This wasn’t exactly my finest hour. I was calloused and self-absorbed. I don’t blame my Ohio upbringing. New York City did it to me.
July 29, 1995
We’re in the midst of a horrific heatwave. Baby, there’s no heat like New York City heat. The subways heat the sidewalks and the glass buildings reflect sunlight onto the streets. The air is a thick, dead, goop. It’s not good for my hair and my underwear sticks to my ass. The worst part is all these fucking cockroaches. I keep a clean apartment but they’re everywhere. In the cat food, crawling on the bathroom towels, in my shoes, laying eggs in the cutlery drawer. The exterminator has been here TWICE but those guys are useless. There’s too many of them. This morning, I opened a box of Q-Tips and two crawled out. I was half-asleep and they scared the shit out of me. It was a new box, too. This is the worst part about living in an apartment. All you need is one dirty pig in the building and everyone suffers.
Colleen and I were supposed to take the train to Philadelphia today. Neither one of us has air conditioning so we had this great idea to sit in the Philadelphia Museum of Art all day and night. You should always take a bona fide artist with you when you go to a museum. They teach you stuff. Anyway, she called this morning and said she’s not going because she can’t be just friends with me. Her voice was quivering. I think she’d been crying. Jesus Christ. Really? I have LOST COUNT of how many women have told me not to expect anything other than a friendship. You rise above your stupid hurt feelings and move on. Now I have to sit in this goddamn hot apartment all day. It’s like being inside a pizza oven. I should’ve gone out with Eve. What an idiot. [Note: I met Eve at a party Colleen took me to.]
Kris glided past me up Avenue A on her rollerblades. She didn’t see me but she wouldn’t have stopped even if she had. She hates me. Early on, I think she wanted me in the biblical way. But that all changed when I told her I’d never rent my apartment to a girl because I thought the neighborhood was too dangerous. She said that was sexist and I wasn’t be fair to women. The moment the words left my mouth all the air was sucked out of the room. She changed how she felt about me in a New York second. You could feel it.
She was with another girl who I didn’t recognize. She wasn’t wearing any protective head gear. Just a black baseball cap on backwards. Her hair flowed behind her. It was like watching a slow motion Gen-X Lower East Side angel. That’s what she is.
After that, I was waiting in line at the ATM and Austin bumped into me. He called me Mike. That’s pretty much the impression I leave with everyone. They can’t even get my name right. I’m like a wisp of vapor. People sense my presence but I’m easy to look through and I leave no impression. His teeth were kind of yellow and his clothes were a mess but it was nice chatting with him. He said the band might go to Japan in September. I’ll believe it when I see it. He asked what I’ve been up to and I told him I just got out of jail for assaulting my landlord. He got the joke but everyone in line was eavesdropping and you could tell they took me seriously. I think God put other people on the planet for my own personal amusement.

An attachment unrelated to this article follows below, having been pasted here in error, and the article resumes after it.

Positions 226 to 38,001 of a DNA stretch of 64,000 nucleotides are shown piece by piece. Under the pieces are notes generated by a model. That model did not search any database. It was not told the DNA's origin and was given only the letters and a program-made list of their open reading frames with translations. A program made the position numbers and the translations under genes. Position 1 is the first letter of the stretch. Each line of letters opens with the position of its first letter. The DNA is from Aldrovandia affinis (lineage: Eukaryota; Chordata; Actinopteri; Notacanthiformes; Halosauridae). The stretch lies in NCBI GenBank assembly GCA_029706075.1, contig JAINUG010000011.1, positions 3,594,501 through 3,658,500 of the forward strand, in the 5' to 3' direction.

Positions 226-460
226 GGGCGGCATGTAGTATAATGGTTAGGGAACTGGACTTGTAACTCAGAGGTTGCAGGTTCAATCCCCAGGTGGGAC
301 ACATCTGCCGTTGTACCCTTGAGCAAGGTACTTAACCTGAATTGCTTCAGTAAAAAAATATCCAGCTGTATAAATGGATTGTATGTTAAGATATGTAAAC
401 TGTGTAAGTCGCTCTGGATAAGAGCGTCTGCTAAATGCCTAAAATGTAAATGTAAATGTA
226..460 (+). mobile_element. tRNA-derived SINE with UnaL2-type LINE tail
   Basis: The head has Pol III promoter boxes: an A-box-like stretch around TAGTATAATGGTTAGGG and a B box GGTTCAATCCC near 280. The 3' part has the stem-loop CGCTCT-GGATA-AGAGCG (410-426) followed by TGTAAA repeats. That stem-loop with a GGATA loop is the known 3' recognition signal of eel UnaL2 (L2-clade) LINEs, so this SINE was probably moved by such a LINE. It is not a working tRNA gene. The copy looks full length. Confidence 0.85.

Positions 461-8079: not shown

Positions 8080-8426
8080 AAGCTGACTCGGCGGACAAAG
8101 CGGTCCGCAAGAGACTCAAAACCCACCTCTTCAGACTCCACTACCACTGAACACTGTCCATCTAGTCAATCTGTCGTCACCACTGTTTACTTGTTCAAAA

I just saw Sedaris on a cable access show. They were talking about ‘One Woman Shoe,’ the play he did with his sister at La MaMa a few months ago. Holy shit, it was funny. His sister acted in it but he didn’t. I wonder why? The New York Times reviewed it. I think that guy might actually make it. [Note: I’ll say, he did.] This is the second show they did at La MaMa and I’ll bet it’s the last one they do there. [Note: It was. The next one was at Lincoln Center.] I left him a note at the box office to say hello and tell him how much I enjoyed the show and he wrote a gracious thank-you letter back, which I thought was classy. [Note: No texts or emails. An exchange of actual hand-written letters. A lost pleasure.]
Whenever I hear someone in the hallway, I run to the peephole to see if it’s anyone fun. It’s usually for that asshole across the hall. Cindy and I hate him. We always stomp on roaches in the hallway and then wipe our shoes on his welcome mat. There are some good bands playing at Fez tonight but I don’t have anyone to go with.
* * *
This is the last Picasso sculpture. I promise. This is his young daughter, Paloma, jumping rope. He made it with found objects.
Another sensational New Jersey parking job. How do you live so deeply inside your own head that you’re oblivious to the world? In a way, it’s enviable.